The National Electricity Market (NEM) facilitates the exchange of electricity between generators and retailers. All electricity supplied to the market is sold at the ‘spot’ price.
The NEM operates as a 'spot' market where
- generators are paid for the electricity they produce
- retailers pay for the electricity their customers consume
- power supply and demand is matched instantaneously.
The Australian Energy Market Operator (AEMO) coordinates this process.
The physical and financial markets for electricity are interlinked. Complex information technology systems underpin the operation of the NEM. Supply and demand must be balanced in real time, with systems required to select which generators are dispatched, determine the spot price, and in doing so, facilitate the financial settlement of the physical market.
Regions and interconnectors
The NEM is a 5 region spot market which has:
- Interconnectors (transmission links) which join the regions
- Regional reference nodes (RRNs) at the largest load centre of each region.
Prices are calculated at each regional reference node. Demand in the spot market can be met within one of the regions or across regions.
Electricity moves across regions through interconnectors which connect adjacent regions. Interconnectors deliver energy from lower price regions to higher price regions and can thereby equalise prices between regions.
When interconnectors are operating at full capacity, electricity is transported from a lower price region and sold in a higher price region. However prices are not equalised across regions.
Interconnectors can be a partial substitute for local generation in a region to the extent they can be used to import electricity instead of increasing the capital stock of generation within a region.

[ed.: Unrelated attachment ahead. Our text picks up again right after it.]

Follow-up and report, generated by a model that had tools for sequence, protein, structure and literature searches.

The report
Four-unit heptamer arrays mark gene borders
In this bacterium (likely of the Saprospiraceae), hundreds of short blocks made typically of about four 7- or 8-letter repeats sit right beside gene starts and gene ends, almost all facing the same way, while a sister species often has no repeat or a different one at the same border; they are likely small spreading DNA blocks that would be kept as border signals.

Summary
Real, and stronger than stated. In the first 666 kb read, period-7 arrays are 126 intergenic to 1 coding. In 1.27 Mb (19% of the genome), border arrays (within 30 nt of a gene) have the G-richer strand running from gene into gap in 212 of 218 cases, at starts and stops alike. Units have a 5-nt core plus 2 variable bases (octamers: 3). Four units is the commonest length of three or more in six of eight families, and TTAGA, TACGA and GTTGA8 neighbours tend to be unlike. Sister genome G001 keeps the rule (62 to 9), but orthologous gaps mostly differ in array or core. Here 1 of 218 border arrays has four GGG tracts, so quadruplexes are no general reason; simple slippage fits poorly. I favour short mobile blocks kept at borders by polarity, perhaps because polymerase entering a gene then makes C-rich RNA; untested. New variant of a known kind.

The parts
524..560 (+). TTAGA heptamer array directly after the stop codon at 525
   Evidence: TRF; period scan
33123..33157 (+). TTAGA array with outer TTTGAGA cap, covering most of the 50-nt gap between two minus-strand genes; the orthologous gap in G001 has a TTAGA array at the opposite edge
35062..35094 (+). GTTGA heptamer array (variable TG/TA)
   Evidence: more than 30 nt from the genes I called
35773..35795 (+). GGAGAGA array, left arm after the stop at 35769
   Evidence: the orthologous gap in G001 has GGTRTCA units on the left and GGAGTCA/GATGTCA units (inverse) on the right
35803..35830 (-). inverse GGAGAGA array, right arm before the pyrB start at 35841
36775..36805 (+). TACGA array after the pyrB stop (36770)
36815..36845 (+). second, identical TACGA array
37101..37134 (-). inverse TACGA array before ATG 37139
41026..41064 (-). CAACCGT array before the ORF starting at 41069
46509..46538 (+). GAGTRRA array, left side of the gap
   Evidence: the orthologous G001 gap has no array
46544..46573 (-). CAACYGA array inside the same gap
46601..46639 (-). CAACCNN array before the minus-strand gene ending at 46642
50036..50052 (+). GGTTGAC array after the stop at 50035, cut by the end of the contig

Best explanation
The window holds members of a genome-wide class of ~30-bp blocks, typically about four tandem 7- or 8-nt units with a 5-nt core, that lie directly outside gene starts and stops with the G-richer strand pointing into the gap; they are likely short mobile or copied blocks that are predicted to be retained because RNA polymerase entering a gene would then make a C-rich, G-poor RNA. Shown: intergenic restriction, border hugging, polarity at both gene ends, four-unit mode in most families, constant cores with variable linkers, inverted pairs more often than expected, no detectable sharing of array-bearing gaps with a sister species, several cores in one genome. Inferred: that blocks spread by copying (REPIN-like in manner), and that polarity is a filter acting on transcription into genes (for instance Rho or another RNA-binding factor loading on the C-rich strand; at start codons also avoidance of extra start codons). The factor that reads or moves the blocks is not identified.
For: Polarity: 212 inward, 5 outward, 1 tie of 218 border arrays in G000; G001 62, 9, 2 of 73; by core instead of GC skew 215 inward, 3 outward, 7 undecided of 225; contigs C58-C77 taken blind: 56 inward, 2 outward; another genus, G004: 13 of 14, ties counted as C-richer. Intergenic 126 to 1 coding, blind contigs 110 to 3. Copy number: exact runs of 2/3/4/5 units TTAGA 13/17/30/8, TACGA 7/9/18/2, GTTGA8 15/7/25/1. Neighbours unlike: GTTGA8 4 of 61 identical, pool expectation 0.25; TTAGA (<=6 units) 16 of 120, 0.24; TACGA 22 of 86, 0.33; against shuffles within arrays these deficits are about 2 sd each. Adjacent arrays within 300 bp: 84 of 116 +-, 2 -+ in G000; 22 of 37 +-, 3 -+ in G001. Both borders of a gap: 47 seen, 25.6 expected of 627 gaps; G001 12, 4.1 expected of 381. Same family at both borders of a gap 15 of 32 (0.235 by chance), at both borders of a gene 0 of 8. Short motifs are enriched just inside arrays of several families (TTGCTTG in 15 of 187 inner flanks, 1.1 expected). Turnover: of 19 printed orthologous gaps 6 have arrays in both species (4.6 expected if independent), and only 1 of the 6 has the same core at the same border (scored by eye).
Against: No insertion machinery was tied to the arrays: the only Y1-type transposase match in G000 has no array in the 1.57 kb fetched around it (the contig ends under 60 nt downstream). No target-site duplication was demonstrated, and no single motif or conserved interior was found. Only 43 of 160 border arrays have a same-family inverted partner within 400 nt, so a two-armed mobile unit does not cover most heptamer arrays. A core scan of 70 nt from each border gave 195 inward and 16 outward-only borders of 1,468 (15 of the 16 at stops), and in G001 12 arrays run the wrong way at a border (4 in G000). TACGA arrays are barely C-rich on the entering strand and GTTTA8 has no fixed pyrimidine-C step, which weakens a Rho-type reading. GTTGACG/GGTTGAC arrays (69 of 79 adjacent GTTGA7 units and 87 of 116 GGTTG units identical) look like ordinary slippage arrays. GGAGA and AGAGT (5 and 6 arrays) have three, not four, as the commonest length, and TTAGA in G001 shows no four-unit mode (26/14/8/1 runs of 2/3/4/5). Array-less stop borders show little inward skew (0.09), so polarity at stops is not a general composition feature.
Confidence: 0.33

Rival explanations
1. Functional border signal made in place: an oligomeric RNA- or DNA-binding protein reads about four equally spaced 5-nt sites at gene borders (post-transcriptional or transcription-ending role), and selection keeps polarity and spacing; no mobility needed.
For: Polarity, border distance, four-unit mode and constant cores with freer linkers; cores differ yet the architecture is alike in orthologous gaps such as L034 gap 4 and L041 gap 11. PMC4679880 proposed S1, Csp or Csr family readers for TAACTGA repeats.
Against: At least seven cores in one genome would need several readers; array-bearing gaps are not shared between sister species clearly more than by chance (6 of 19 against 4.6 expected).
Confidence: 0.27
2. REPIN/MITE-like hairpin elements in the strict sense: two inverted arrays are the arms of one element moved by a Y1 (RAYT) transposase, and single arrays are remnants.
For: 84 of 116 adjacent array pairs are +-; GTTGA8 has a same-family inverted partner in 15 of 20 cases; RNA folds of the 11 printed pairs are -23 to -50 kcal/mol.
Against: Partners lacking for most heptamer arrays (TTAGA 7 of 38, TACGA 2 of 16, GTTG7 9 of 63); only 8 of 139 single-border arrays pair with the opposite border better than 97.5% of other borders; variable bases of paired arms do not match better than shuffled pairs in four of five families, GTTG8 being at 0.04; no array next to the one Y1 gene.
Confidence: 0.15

Coordinating the dispatch of power across the NEM
Generators submit the price and quantity of electricity that they are willing to generate to AEMO.
AEMO’s central dispatch engine orders the generators’ offers from least to most expensive and determines which generators will be dispatched. In this way, the expected demand for electricity is supplied by the lowest cost mix of generators.
In delivering electricity, AEMO dispatches electricity every five minutes, so generators are required to bid to supply electricity in five minute blocks. For the purposes of settlement, the price is then averaged out over 30 minutes.
The spot price for a 30 minute trading interval is the average of the six dispatch interval prices. All generators dispatched in that trading interval receive the spot price for the period that they were dispatched.
The AEMC has recently completed assessment of a proposal to change the time interval for settlement in the wholesale electricity market from 30 minutes to five minutes. This change is to be introduced with effect from 1 July 2021.
Retailers and generators use electricity contracts as a form of insurance against fluctuating spot prices allowing them to lock in long term revenues or costs at a fixed rate.